Waking up to the third annual Day of Memory, I was very excited that this year it was being held in West Yorkshire – my home county. Feeling very proud that the authorities I grew up with who didn’t know about forced marriage and honour based abuse, were now united with Karma Nirvana in a mission to end it.
I am a survivor of forced marriage and fled Yorkshire as a teenager running away to London. As a result of my actions, I ended up in the British care system. The day I left home I knew I would never see my family again. Their honour meant more to them than their own daughter. But that’s OK, I did not want to be part of a family that cared more about these things than their own flesh and blood.
The Day of Memory is important to me as we remember those who are sadly not with us. This is a symbolic occasion and every year I leave feeling so blessed that I am alive. Had I not done what I did so many years ago, I too would not be here today. Before entering the room, I reflect on my life and what could have been, mixed emotions running through my head, feeling very grateful to be alive and living independently free from harm’s way. However, at the same time remembering those that were not lucky enough to get out, whom we have sadly lost, due to their parent’s actions.
The day was opened and hosted by BBC Asian Network presenter Bobby Friction who is a Patron of Karma Nirvana. This was followed by a few words from Jasvinder Sanghera CBE, the founder and CEO of Karma Nirvana. In her opening statement, the audience were reminded why we were here and that forced marriage and honour based abuse is a ‘child and public protection issue’ and how those we remember today were murdered by the family who were meant to love them the most. These murders were motivated by the fact that their lives were deemed dishonourable as they wished to embrace Britain’s democracy, rights and the rule of law.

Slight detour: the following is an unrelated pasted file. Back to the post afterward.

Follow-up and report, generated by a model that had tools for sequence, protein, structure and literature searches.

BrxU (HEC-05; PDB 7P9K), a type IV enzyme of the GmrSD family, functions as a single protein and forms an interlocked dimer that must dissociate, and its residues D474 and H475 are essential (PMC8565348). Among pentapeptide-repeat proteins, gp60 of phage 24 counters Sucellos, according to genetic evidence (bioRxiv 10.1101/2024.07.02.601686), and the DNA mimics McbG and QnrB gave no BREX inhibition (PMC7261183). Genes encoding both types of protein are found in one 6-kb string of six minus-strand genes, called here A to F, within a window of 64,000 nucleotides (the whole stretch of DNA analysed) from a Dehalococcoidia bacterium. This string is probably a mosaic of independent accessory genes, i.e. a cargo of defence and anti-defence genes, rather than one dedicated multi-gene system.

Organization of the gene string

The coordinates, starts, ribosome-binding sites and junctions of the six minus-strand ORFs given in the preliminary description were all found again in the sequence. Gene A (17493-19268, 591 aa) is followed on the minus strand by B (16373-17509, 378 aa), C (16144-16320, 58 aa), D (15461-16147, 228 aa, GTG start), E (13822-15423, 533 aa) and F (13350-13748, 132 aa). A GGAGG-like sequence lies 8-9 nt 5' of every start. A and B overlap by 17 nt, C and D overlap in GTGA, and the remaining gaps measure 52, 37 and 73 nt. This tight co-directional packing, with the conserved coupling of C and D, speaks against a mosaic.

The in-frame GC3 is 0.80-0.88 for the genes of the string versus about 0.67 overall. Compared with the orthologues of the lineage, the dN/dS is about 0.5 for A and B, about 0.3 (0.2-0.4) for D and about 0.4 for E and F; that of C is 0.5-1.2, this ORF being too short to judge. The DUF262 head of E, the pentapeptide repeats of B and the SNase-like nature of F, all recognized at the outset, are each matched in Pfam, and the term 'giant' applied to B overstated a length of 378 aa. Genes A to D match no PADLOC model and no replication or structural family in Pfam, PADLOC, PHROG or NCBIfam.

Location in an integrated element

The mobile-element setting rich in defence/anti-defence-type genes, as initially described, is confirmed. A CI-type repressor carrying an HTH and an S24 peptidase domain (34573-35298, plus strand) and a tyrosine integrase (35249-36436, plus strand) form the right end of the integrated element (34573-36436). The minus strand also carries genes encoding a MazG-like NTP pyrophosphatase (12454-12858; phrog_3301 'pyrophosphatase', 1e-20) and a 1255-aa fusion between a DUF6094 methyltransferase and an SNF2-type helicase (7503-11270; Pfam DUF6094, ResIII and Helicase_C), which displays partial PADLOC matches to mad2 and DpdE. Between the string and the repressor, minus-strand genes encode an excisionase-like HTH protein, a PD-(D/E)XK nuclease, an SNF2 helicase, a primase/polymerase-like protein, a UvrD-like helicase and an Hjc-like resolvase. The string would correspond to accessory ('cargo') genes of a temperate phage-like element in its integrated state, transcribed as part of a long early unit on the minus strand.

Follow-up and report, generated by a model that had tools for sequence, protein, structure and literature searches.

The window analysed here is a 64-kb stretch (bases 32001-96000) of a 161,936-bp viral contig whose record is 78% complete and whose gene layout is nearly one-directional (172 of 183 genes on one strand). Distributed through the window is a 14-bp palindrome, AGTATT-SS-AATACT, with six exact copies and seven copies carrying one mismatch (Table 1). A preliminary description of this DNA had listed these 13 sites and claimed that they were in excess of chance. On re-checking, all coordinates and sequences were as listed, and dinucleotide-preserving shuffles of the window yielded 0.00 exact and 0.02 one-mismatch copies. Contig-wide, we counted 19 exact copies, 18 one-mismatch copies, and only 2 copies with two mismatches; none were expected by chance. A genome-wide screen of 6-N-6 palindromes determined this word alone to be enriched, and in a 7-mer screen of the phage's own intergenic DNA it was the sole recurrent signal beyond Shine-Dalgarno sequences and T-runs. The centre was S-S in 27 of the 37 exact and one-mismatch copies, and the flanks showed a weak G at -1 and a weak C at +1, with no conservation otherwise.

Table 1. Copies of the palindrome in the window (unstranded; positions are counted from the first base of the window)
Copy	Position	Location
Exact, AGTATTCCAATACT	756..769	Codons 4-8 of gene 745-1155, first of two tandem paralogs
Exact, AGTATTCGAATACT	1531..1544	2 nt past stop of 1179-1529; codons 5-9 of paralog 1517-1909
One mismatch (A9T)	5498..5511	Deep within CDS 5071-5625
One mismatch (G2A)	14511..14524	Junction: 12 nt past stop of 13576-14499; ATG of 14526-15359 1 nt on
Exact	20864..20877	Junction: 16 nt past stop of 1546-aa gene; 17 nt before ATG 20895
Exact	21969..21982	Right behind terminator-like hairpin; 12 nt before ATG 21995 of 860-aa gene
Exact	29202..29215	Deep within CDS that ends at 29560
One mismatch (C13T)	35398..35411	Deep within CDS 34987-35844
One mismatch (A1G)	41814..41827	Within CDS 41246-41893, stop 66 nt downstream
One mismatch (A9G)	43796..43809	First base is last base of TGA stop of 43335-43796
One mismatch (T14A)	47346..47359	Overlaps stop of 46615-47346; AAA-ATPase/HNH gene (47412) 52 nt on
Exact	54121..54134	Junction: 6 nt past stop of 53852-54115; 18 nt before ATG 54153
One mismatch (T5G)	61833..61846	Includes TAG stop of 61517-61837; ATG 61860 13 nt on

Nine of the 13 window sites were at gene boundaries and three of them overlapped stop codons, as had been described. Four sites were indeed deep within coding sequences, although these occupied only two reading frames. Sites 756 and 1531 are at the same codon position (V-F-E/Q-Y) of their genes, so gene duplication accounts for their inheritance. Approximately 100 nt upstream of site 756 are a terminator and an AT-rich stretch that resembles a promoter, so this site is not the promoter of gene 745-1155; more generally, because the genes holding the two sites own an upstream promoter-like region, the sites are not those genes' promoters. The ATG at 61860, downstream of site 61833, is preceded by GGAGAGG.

We also heard from Education, Health and Local Authority representatives pledging to stand united in tackling these issues in their local area. This was music to my ears, decades ago these issues were not on the map and here we are today at an annual Remembrance Day, celebrating achievements of survivors and keeping the memory alive of those we have sadly lost.
This year we heard from several male survivors and relatives of victims, learning that honour abuse affects men too. Very moving testimonies from male survivors – Matt and Lucky brought tears to my eyes. Both of these survivors courageously spoke about their experiences giving us a profound insight into their lives.
As a society, we need to recognise that this is abuse and we need to stand together to tackle this issue. We mustn’t shy away and accept that it is a cultural issue as Jasvinder Sanghera says, “Cultural acceptance does not mean accepting the unacceptable.”
We ended the day cutting a cake on what would have been Shafilea Ahmed’s 31st birthday, her legacy and that of others lost lives on through Karma Nirvana’s work. As a survivor, I continue to thrive embracing Britain which is not a threat but an opportunity to embrace with honour.
I live my life freely and continue to be proud of what I have achieved. Most importantly of all, I continue to spread the word that forced marriage and honour based abuse is abuse FULL STOP. This remains a day to come together raising national awareness. Six UK Police forces and other partner agencies held their own events, as we work in partnership in the fight against forced marriage and honour-based abuse.